2014-03-14 / Community

In the News


At a Feb. 24 workshop session of the Cape Elizabeth Town Council, Lynn Shaffer, chairman of the Fort Williams Charitable Foundation Arboretum Master Plan Committee, unveils plans for a Children’s Garden at the park, part of ongoing project to eventually encompass 15 landscaped sites at the park. (Duke Harrington photo) At a Feb. 24 workshop session of the Cape Elizabeth Town Council, Lynn Shaffer, chairman of the Fort Williams Charitable Foundation Arboretum Master Plan Committee, unveils plans for a Children’s Garden at the park, part of ongoing project to eventually encompass 15 landscaped sites at the park. (Duke Harrington photo) Centennial celebration

The Cape Elizabeth Town Council approved a permit at its March 10 meeting to allow St. Alban’s Episcopal Church, located at 885 Shore Road, to hold a special worship service at Fort Williams Park on Sunday, June 22. According to the Rev. Timothy Boggs, the event will commemorate the exact date of the church’s founding 100 years ago.

“Military personnel and other worshipers gathered under a tent at Fort Williams on June 22, 1914, with the blessing of the Bishop of the Episcopal Diocese of Maine under the name of St. Alban, a patron saint of Britain whose life is commemorated each year on June 22,” wrote Boggs in a Jan. 9 letter to the Fort Williams Advisory Commission. “That modest service has led, without interruption, to our current life as one of the most vibrant and healthy Episcopal churches in New England.”

The service, to be officiated by the Right Rev. Stephen Lane, current bishop of Maine, is expected to draw about 350 people.

Boiler or bust

The Cape Elizabeth Town Council gave its blessing March 10 to a school board request to build a 1,050-foot addition at the Pond Cove Elementary/ Cape Elizabeth Middle School building to house a new boiler plant. According to a Feb. 28 memo from facilities director Greg Marles, local ordinances required the council to give its OK before the school board could proceed to review by the planning board and permitting by the Maine Department of Environmental Protection. Bids for the project, estimated to cost about $580,000, will be opened April 3 at town hall. Construction is expected to start May 5 and include demolition of the existing plant, with work slated to wrap up by Oct. 3.

According to Superintendent Meredith Nadeau, the current boiler is 20 years old and operates at 75 percent efficiency. The replacement, a duel-burner system that could one day be converted to burn wood pellets or natural gas, will save the school department 10,000 gallons of heating oil per year, wrote Nadeau in a Feb. 25 memo to the school board.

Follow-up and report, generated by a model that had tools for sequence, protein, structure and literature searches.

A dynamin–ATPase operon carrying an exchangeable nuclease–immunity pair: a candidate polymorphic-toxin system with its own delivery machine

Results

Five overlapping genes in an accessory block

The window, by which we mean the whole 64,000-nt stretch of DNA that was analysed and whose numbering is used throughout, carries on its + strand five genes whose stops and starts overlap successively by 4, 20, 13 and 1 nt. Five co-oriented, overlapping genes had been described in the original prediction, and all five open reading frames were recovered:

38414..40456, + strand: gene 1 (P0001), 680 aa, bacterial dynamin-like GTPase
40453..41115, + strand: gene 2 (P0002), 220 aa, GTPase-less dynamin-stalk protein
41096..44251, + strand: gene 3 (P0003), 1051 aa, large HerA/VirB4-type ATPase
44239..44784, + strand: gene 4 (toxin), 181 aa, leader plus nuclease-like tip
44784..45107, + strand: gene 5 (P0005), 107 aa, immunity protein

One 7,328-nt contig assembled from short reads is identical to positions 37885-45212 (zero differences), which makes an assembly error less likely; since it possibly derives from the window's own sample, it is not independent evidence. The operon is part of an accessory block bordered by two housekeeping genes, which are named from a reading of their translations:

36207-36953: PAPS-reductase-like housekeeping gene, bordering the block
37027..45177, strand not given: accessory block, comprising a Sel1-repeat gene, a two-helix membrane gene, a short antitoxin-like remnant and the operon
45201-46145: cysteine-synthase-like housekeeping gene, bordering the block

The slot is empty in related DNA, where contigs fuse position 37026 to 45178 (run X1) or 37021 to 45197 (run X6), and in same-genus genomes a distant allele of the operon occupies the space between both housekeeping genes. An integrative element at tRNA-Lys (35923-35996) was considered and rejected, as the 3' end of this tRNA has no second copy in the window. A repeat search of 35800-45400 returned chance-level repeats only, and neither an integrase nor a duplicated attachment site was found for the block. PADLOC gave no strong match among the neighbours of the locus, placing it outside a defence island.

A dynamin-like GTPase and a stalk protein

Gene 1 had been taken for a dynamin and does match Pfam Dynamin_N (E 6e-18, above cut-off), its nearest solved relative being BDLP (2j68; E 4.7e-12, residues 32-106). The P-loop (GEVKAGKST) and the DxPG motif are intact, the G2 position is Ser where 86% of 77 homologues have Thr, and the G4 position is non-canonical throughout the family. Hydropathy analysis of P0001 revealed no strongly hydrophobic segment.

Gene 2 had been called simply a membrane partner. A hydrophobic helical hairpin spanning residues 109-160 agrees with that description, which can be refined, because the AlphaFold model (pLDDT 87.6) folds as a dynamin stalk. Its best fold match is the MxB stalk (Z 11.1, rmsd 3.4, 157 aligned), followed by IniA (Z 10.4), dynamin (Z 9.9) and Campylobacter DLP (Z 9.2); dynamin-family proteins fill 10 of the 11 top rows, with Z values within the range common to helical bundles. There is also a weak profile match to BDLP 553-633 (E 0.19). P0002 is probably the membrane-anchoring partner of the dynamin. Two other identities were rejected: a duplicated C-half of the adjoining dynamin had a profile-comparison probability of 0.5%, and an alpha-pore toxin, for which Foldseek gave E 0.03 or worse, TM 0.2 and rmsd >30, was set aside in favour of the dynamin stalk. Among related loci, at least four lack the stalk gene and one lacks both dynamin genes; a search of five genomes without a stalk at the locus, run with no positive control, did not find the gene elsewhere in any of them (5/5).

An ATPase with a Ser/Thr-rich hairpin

Arboretum A-OK

Having previously reviewed plans at a Feb. 24 workshop for a children’s garden at Fort Williams Park, as well as a concept to improve views of Portland Head Light at the historic site, the Cape Elizabeth Town Council gave a formal green light to both projects at its March 10 meeting.

The $150,000 viewscape project was designed by Regina Leonard, a Topsham landscape architect who is responsible for the 2012 rebuild of Mill Creek Park in South Portland. The project is part of a facelift undertaken by the Fort Williams Charitable Foundation in celebration of the park’s 50th birthday this year.

Half of the funding came from an anonymous donor, while half was supplied by the town council in its role as the Portland Head Light Museum Board of Directors.

Meanwhile, the children’s garden, designed by Mitchell & Associates Landscape Architects of Portland and expected to cost $530,000, is part of the foundation’s ongoing arboretum project. Other components include the recently completed Cliff Side Walk area. The arboretum is expected to eventually grow to 13 additional landscaped sites in the park.

Scheduled to be built in 2015 behind the tennis courts on Farnsworth Road, using private donations, the garden could include a pond and stream, a stone seating circle for presentations, a meadow maze, birch tree fort and a fairy house building. Foundation calculations show the garden will require nearly $20,000 in annual maintenance costs.

Lease deal reached

The Cape Elizabeth Town Council has inked a lease deal for space at Fort Williams Park that will net the town more than $4,000 over the next three years.

The lease with Behavioral Health Resources, which already leases office space in the park building at 326 Officers Row, is for space in the “middle basement” area of the cellar. The lease, which starts at $110 per month, and increases to $115 June 1, 2015, stipulates that the space is “for storage only” and “can not [underlined and typed in caps on the lease] be used as office space.”